20:55 GMT23 September 2020
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    Days after two black men were arrested for sitting at a Philadelphia Starbucks on Saturday, dozens of protesters descended on the coffee shop to protest the incident.

    Packing into the store with posters criticizing Starbucks' misstep, protesters were heard chanting, "Starbucks coffee is anti-black" and "A whole lot of coffee, a whole lot of whack."

    ​Other slogans included, "A whole lot of racism, a whole lot of crap."

    ​Aside from chanting, protesters also called on present staff to release the name of the store manager who made the call to the Philadelphia Police Department about the two customers, who were waiting for a friend before placing their order.

    ​Abdul-Aliy Muhammad, one of the protest's organizers and co-founder of the Black and Brown Workers Collective, told AP that the goal of the demonstration was to keep that Starbucks from "making any money."

    Protesters gathered in the rain on Monday outside the establishment before 7 a.m. local time before moving indoors.

    ​According to USA Today, Starbucks' regional vice president, Camille Hymes, was present at the location but was unable to speak with demonstrators as she kept being shouted down.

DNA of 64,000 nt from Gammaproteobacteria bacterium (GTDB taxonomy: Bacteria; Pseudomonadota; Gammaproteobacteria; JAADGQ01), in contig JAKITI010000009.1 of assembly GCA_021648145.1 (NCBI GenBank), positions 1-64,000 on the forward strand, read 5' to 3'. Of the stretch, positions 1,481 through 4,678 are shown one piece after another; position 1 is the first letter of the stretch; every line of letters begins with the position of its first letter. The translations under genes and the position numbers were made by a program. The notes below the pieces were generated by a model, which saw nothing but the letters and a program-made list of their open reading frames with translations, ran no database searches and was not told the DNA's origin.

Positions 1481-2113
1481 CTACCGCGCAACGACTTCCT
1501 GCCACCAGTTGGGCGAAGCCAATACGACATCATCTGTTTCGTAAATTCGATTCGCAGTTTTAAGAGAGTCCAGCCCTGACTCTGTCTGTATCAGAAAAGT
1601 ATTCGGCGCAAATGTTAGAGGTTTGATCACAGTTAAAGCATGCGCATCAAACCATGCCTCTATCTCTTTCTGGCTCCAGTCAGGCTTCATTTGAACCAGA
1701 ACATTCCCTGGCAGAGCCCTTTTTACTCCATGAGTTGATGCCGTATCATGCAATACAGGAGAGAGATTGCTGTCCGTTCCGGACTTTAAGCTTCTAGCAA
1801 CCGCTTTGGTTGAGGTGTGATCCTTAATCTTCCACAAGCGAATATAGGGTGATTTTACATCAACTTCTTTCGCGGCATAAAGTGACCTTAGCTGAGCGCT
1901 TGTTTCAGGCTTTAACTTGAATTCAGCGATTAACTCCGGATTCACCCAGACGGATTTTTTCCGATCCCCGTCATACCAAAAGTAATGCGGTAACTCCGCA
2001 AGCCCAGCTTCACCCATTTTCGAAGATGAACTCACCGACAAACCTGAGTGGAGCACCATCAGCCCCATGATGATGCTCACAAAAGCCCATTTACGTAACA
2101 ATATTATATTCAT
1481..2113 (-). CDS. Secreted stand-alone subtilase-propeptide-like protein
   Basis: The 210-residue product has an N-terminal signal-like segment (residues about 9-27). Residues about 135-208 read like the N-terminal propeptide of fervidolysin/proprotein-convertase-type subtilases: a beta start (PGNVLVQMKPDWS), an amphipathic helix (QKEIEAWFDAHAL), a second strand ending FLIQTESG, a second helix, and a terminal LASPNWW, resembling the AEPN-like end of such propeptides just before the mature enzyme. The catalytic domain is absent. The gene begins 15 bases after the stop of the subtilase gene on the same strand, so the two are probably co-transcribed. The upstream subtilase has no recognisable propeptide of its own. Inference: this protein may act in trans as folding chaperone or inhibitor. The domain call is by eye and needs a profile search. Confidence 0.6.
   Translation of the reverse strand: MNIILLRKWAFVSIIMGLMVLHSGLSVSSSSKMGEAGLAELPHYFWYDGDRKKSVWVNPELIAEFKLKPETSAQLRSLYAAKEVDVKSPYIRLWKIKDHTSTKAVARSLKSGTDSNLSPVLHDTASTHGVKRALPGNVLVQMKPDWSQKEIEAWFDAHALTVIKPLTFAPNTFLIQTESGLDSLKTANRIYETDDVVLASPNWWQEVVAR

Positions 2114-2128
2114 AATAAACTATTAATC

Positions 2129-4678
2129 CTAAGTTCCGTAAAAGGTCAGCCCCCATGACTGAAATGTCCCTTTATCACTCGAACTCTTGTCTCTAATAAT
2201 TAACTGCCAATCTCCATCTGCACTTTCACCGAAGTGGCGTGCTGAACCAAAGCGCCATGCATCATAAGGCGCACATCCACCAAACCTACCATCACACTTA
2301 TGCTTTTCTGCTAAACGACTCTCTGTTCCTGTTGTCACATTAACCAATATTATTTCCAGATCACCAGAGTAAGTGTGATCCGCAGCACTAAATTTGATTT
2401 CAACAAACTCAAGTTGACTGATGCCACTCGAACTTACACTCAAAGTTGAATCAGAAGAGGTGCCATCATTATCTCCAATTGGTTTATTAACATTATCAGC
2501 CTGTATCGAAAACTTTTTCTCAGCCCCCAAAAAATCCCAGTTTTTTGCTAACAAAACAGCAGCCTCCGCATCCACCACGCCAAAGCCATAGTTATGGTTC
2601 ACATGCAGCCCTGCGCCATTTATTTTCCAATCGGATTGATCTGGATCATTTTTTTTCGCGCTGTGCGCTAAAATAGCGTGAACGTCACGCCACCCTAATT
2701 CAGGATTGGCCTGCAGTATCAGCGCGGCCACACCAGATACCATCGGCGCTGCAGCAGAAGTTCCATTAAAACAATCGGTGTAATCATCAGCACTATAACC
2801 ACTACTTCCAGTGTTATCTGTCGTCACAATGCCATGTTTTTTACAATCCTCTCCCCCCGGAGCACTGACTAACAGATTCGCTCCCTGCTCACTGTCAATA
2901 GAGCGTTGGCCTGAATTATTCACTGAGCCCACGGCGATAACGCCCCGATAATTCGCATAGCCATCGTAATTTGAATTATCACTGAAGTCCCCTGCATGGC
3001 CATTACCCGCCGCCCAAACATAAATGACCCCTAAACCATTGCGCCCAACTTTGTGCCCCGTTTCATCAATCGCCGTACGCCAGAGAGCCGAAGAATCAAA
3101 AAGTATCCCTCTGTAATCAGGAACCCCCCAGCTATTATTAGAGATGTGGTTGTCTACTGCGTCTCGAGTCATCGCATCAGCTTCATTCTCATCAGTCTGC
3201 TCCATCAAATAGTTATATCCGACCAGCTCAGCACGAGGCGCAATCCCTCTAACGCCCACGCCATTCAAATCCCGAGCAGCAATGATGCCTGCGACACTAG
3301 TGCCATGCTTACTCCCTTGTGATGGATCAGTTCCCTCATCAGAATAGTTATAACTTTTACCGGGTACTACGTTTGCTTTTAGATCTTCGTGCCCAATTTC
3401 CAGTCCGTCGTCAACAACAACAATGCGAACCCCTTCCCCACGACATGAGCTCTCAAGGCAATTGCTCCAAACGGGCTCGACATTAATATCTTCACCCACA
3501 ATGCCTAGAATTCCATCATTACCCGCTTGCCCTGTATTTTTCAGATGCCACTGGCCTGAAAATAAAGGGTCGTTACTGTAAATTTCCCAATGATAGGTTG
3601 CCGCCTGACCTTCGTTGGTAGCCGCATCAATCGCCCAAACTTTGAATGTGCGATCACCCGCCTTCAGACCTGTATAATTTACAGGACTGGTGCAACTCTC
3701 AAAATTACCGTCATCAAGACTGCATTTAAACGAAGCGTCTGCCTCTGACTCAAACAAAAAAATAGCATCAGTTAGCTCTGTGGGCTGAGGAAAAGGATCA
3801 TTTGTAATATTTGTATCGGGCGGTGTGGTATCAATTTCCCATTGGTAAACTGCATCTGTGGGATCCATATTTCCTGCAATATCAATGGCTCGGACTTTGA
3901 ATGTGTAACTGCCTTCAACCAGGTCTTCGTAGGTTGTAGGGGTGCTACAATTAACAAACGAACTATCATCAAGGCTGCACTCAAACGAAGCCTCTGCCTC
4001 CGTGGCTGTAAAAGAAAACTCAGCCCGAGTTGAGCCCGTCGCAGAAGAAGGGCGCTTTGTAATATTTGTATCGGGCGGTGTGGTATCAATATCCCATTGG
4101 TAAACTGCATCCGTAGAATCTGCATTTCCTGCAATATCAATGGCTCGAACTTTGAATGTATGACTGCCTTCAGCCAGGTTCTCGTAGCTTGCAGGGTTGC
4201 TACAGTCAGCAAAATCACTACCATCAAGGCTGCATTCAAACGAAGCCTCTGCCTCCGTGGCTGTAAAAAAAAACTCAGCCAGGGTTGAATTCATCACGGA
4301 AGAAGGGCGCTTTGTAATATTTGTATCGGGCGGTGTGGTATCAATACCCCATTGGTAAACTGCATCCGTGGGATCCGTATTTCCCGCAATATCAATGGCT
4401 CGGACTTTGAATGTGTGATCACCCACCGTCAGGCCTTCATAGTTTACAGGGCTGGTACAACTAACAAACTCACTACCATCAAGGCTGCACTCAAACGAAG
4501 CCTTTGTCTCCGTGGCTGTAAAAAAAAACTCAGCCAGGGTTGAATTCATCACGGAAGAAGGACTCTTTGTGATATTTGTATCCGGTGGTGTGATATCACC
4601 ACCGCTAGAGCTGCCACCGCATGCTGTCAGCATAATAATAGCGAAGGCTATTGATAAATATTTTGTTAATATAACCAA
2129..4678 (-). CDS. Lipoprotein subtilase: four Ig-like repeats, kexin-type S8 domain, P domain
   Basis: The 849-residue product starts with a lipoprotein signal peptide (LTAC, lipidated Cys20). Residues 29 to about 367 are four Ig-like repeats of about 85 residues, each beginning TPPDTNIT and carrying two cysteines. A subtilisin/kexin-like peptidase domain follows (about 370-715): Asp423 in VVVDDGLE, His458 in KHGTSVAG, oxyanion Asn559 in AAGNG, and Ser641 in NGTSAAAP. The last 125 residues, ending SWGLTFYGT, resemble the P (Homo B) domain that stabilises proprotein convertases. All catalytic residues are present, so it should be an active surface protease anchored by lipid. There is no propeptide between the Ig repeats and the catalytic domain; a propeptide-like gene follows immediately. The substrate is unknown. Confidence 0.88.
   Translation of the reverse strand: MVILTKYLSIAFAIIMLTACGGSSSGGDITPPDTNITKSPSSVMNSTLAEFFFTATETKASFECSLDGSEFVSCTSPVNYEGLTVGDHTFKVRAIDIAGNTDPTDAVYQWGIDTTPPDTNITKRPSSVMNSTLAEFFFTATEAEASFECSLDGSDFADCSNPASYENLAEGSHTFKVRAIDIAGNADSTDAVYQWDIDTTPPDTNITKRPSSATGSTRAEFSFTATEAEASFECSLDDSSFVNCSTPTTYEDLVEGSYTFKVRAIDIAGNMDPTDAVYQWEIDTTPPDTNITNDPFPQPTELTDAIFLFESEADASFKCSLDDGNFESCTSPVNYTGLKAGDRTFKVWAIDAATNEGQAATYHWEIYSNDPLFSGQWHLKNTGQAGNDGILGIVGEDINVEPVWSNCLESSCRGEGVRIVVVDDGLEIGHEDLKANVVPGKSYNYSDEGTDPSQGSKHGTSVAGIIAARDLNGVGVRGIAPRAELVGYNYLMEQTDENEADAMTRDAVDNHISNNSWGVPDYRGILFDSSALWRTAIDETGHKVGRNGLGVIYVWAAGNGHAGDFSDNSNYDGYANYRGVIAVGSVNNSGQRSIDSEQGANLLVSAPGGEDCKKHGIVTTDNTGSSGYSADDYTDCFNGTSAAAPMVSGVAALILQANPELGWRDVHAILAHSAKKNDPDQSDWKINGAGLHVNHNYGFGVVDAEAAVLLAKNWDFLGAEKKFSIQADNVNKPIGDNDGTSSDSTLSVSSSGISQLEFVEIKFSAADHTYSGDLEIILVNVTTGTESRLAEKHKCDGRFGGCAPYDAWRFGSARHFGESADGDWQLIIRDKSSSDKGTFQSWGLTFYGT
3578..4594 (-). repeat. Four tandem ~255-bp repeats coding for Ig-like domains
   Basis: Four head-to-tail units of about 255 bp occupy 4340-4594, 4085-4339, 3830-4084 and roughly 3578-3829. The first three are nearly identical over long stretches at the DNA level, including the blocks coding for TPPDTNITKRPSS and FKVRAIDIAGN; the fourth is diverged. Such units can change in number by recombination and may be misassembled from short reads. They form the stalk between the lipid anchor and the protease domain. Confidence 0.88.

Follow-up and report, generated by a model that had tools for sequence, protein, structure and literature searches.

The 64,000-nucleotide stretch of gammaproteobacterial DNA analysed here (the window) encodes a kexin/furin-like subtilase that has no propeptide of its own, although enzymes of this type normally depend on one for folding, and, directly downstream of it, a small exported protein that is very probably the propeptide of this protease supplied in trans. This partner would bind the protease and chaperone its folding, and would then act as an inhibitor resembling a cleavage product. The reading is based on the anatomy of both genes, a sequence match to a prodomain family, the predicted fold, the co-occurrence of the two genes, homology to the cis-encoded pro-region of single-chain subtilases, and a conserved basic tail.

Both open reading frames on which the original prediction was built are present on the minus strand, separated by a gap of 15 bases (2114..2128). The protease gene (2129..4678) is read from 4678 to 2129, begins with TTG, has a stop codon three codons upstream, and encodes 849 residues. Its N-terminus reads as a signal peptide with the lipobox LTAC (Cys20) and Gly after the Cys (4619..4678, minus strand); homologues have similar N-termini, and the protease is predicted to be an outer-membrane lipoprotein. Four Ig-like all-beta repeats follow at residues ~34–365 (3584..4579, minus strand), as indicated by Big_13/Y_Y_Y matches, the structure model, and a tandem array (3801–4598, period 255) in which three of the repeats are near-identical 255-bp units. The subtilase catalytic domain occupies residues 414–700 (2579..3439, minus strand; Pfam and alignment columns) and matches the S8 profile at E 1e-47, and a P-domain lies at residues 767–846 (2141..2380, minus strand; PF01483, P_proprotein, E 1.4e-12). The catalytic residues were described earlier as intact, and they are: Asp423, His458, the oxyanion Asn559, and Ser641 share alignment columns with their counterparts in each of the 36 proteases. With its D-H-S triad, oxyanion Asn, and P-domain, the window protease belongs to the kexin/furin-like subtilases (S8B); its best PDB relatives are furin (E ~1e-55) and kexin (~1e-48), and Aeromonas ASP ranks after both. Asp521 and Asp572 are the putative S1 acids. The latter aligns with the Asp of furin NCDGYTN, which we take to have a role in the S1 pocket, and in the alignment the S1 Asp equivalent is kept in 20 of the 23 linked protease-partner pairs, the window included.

The bubbling outrage grew over the weekend after video footage of the two men being arrested surfaced on social media. Within hours, netizens called for a boycott of Starbucks under the hashtag #BoycottStarbucks.

    In response to the backlash, Starbucks CEO Kevin Johnson released a statement, calling the incident "reprehensible."

    "We have immediately begun a thorough investigation of our practices. In addition to our own review, we will work with outside experts and community leaders to understand and adopt best practices," Johnson stated. "The video shot by customers is very hard to watch and the actions in it are not representative of our Starbucks mission and values. Creating an environment that is both safe and welcoming for everyone is paramount for every store."

    "Regretfully, our practices and training led to a bad outcome — the basis for the call to the Philadelphia Police Department was wrong. Our store manager never intended for these men to be arrested and this should never have escalated as it did," he added.

    Though the men were arrested for trespassing, the charges were later dropped after officers were informed that Starbucks was "no longer interested" in pressing charges.

    A company spokesperson told the Philadelphia Inquirer that the unidentified manager has left the company. The separation was deemed a "mutual" decision.

    Separate investigations by the Philadelphia police department, mayor's office and Starbucks are still ongoing.


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